Hepatitis A outbreak linked to imported berries

Imported frozen berries have been linked to an outbreak of potentially fatal hepatitis A in Ireland, it has emerged.

The Food Safety Authority of Ireland (FSAI) has confirmed there are 10 cases of hepatitis A which are all linked to the consumption of imported frozen berries.

Alan Reilly, the FSAI chief executive, said the alert was issued after it was established that the hepatitis cases were spread across the country.

The authority was initially alerted about three cases, all of which had a similar strain of the virus, on Jun 19 last. Seven additional cases were identified recently, with the latest case identified on Jul 3.

The FSAI is urging that imported frozen berries, widely used in yoghurts, smoothies, and desserts, should be boiled for at least one minute before consumption to ensure the virus, if present, is destroyed. “At this stage of the investigation, there is no evidence to suggest that fresh Irish or fresh imported berries are implicated,” the authority has stated.

Prof Reilly said there was an outbreak in Italy of the same strain of hepatitis A identified in Ireland and linked to the consumption of imported frozen berries. Denmark, Sweden, Norway, and Finland are also dealing with outbreaks of hepatitis A virus linked to imported frozen berries. However, the hepatitis strain in the Scandinavian outbreak is different to that identified in Ireland and Italy.

Prof Reilly said food businesses must ensure they source their ingredients from reputable suppliers with efficient and comprehensive traceability and food safety management systems.

He said the berries could be infected as result of being washed in water from a reservoir contaminated with human excrement or handled by somebody with the disease who has not washed their hands.

Prof Reilly said the virus had not yet been isolated in suspected imported frozen berries eaten by people in Ireland who contracted hepatitis A.

Zumo International — the largest juice and smoothie bar in Europe — says it has been working closely with their fruit supplier in Holland since the first recorded instances of contamination in January to ensure the berries they use in their drinks are totally safe.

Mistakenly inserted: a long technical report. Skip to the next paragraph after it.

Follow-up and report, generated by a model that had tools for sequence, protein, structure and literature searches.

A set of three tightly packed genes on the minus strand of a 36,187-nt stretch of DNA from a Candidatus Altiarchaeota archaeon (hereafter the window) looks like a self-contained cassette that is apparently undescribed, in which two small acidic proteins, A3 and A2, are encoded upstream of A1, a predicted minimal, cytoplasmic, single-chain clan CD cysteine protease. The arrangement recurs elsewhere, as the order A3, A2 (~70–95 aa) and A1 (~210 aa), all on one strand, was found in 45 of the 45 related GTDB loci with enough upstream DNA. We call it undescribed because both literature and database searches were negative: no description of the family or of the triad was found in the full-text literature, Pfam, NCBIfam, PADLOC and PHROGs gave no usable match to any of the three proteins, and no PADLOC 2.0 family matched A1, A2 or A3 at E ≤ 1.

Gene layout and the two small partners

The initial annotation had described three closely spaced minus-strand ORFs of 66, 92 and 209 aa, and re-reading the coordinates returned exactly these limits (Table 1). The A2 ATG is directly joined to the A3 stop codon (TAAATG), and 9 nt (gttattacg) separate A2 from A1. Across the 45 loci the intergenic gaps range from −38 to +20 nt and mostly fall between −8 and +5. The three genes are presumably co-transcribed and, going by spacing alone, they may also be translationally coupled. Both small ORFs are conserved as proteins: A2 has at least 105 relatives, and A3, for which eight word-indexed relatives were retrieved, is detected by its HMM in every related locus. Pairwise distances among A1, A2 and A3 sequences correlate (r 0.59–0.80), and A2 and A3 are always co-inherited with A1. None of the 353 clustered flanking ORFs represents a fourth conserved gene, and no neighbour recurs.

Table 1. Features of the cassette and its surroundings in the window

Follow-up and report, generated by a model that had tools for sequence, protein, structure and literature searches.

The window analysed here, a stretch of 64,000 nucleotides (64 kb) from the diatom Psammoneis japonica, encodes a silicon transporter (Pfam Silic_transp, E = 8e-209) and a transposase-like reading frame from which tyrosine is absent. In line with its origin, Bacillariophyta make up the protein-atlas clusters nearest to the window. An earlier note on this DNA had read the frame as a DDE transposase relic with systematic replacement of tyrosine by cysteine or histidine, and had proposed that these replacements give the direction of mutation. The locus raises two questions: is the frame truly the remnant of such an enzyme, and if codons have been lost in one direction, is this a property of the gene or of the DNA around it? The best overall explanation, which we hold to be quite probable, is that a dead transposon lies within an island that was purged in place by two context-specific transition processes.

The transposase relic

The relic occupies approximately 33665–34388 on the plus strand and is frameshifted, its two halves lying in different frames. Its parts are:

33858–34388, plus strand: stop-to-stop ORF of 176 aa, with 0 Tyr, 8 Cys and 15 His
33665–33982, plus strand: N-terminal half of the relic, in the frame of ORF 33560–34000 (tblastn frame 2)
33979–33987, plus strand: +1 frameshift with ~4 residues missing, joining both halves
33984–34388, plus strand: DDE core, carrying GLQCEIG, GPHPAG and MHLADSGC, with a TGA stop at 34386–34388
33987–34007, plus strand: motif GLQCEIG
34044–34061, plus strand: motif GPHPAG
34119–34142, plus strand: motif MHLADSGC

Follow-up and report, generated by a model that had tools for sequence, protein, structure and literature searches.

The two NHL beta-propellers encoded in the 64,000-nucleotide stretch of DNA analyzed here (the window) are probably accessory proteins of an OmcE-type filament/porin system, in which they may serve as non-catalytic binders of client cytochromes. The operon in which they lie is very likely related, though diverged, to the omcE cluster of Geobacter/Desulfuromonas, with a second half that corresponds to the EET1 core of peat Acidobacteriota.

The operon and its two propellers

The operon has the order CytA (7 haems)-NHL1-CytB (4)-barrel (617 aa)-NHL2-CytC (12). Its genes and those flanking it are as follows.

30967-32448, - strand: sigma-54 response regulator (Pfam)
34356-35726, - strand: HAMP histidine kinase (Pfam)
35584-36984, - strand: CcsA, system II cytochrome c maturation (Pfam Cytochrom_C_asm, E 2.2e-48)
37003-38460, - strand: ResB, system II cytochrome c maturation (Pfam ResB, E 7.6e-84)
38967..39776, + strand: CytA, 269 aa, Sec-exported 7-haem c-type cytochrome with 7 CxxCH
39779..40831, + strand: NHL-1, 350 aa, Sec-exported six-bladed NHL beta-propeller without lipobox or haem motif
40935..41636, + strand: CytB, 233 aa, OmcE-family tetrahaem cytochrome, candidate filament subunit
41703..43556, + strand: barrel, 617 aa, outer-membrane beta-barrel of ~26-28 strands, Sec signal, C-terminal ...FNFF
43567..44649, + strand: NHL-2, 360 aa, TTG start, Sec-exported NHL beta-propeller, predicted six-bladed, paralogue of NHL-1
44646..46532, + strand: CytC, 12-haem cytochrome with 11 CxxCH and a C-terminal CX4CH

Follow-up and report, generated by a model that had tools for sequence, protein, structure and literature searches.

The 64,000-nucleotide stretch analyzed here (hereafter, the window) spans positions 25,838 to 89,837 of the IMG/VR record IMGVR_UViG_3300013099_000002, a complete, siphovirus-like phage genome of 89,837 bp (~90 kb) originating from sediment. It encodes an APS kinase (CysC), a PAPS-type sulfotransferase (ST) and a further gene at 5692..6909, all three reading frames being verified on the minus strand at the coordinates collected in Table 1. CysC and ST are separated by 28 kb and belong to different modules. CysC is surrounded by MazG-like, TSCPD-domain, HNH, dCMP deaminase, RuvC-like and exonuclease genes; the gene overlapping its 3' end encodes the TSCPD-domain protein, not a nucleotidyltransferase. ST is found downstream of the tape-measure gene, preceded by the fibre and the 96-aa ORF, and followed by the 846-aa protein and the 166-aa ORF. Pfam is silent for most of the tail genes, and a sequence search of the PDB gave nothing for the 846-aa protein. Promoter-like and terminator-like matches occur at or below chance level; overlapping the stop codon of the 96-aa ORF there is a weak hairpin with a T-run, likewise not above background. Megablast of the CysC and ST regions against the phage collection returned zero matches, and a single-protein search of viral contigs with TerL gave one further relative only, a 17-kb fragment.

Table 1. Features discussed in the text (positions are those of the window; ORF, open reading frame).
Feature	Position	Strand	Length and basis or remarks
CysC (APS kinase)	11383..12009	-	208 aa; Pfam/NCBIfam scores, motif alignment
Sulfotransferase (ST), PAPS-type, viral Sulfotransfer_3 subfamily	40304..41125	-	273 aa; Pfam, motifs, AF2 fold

Marketing manager Adrian Kelly said every batch of fruit supplied to Zumo had been thoroughly tested for Hepatitis A and none were contaminated.

- www.fsai.ie

Disease rare but can be fatal

Hepatitis A, rare in Ireland, is a liver disease usually associated with countries with poor hygiene and sanitation. The illness can be mild, lasting one to two weeks — or more severe, lasting months.

The severity of the symptoms tends to increase with age and in some cases it can be fatal. The most common symptoms are fever, loss of appetite, nausea, fatigue, and abdominal pain, followed within a few days by jaundice.

The time from exposure and onset of illness ranges from 15 to 50 days, the average being 28 days.

© Irish Examiner Ltd. All rights reserved

More in this Section

Dozens in limbo as GE Healthcare job offers pulled at last minute

Irish surfing champion Easkey Britton hails burkini

Irish Refugee Council: ‘Reform aid scheme for asylum seeker students’

Thomas Barr graduates proving he truly is the master of sports performance


Breaking Stories

Eamon Gilmore calls for statutory inquiry into ticket scandal

PSNI investigate two separate stabbing incidents in Belfast

President Higgins warns action is needed regarding the issues surrounding Rio Olympics

Body found in search identified as Gavin 'Care Bear' Carey

Lifestyle

Irish wool textile weaving is alive and thriving

Make your garden a musical haven, with help from green-fingered DJ Jo Whiley

Robin Gill’s Garden Courgette with Smoked Buffalo Milk Curd and Roof-Top Honey

We ask some siblings what it’s really like to work with your sister

More From The Irish Examiner